"Welcome, winter. Your late dawns and chilled breath make me lazy,
but I love you nonetheless."
Although the quote above conjures up in our mind what we regard to be the ideal winter - crisp, frosty mornings and cold temperatures that make us want to take refuge in our warm homes - our winter so far has been anything but. We often ask why it is such a topic of conversation in Ireland but when you consider the range of different types of weather and the variability in a given day of temperature, precipitation and wind, it is no wonder that we talk about it so much. It impacts and shapes our daily lives whether it's at work, playing sports or just trying to cut the lawn during a dry spell!
Like I always say, next month we could literally be swimming out there.
As I write this on the last day of December, we are in fact getting a good drenching from a band of rain sweeping south across the country. See rainfall radar pic below left.
Met Eireann have some cool graphs on their past weather section of their website and when you look at the data for the year it is very interesting. With the temperature we see that it is not really ever on the average, but swinging from warmer to cooler than average periods. For example, I said above that December was warmer than average, but if you look at November you see that it was cooler than average. It generally evens out in the long run.
The last number of weeks have been really busy in school with the Christmas tests, STEM 'Super' Wednesdays and Lego Mindstorms day among other things. We haven't been as productive with the project in December as in other months, not forgetting we got the holidays on the 22nd aswell!
However, we did make progress on a few fronts. Firstly we had a number of visits from graphic designer Glen O'Sullivan who is taking the children in groups to work on creating Info-boards for our display in the Young Scientist exhibition.
Glen talked to the class about the project to get a sense of what they wanted and what we would be looking for in our info-boards. He also spoke to the class about the technical aspects of processing images and adjusting / editing them for the best impact. A few children in the class were interested in photography already so this really hit the spot with them.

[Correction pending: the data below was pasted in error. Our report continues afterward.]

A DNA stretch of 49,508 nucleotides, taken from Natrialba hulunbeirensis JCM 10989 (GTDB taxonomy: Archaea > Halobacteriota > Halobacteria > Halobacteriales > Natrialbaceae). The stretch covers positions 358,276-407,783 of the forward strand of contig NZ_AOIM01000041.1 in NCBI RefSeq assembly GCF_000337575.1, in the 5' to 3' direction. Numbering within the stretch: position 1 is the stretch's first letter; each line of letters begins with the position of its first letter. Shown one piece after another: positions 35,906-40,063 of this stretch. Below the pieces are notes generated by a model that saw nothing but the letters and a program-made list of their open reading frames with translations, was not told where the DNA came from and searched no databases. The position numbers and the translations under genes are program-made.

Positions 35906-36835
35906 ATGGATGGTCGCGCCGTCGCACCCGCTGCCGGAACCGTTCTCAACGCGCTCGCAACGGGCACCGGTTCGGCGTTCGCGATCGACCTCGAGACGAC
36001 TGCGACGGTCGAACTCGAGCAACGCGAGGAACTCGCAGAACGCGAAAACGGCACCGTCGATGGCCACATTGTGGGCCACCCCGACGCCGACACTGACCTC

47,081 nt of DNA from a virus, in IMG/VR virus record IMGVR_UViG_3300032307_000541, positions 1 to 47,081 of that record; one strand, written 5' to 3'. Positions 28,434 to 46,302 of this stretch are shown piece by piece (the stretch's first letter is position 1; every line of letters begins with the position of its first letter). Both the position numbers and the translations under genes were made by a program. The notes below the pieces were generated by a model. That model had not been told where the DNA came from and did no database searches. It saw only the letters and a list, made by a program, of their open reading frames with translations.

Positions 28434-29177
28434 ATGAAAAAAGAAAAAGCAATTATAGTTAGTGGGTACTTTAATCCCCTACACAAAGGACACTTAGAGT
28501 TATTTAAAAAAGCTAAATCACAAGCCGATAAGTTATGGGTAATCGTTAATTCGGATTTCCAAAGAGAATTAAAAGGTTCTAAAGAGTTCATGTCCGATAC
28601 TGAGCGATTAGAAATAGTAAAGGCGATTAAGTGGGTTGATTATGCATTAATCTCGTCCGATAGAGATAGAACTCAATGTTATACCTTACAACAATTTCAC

The Young Scientist exhibition runs on the 19th, 20th & 21st of January in Mary Immaculate College. We will be displaying our project on Saturday the 21st of January from 09:30 to 15:00.
Our clay model of the wetland has proven somewhat problematic. What started out as a trial model turned into the actual one we thought we would use. However we found that the clay continually shrinks at it dries which leaves gaps that need to be filled. The new material then shrinks and you are left with a smaller gap, and so on. This sparked an interest in the maths concept of infinite series which we explored through drawing fractals. (Funny clip here. Apologies for the elephant theme which rears its head again in the clip!) Anyhow we think we will have to rethink what material we use for the model, it might be modelling clay or plasticine.
Our survey of the local residents also concluded with the children doing a lovely job processing and displaying the data they collected. The experience of composing questions, going door to door and organising the raw data was incredibly valuable to the children. The findings were interesting, even if they were largely in line with what we expected.
For example, half of the houses surveyed (17 in total) had paved or concreted their front lawns in the last 10 years. This creates a lot more run-off than previously, as the soakage is reduced. Another interesting, if somewhat scientifically insignificant piece of information, is that most people say the wetland has increased in the last ten years. There are many factors at play of course and it is impossible to say which has been the main cause of the wetland forming and increasing over time.
So its goodbye to 2016, we will be back with more in January and we look forward to what 2017 will bring.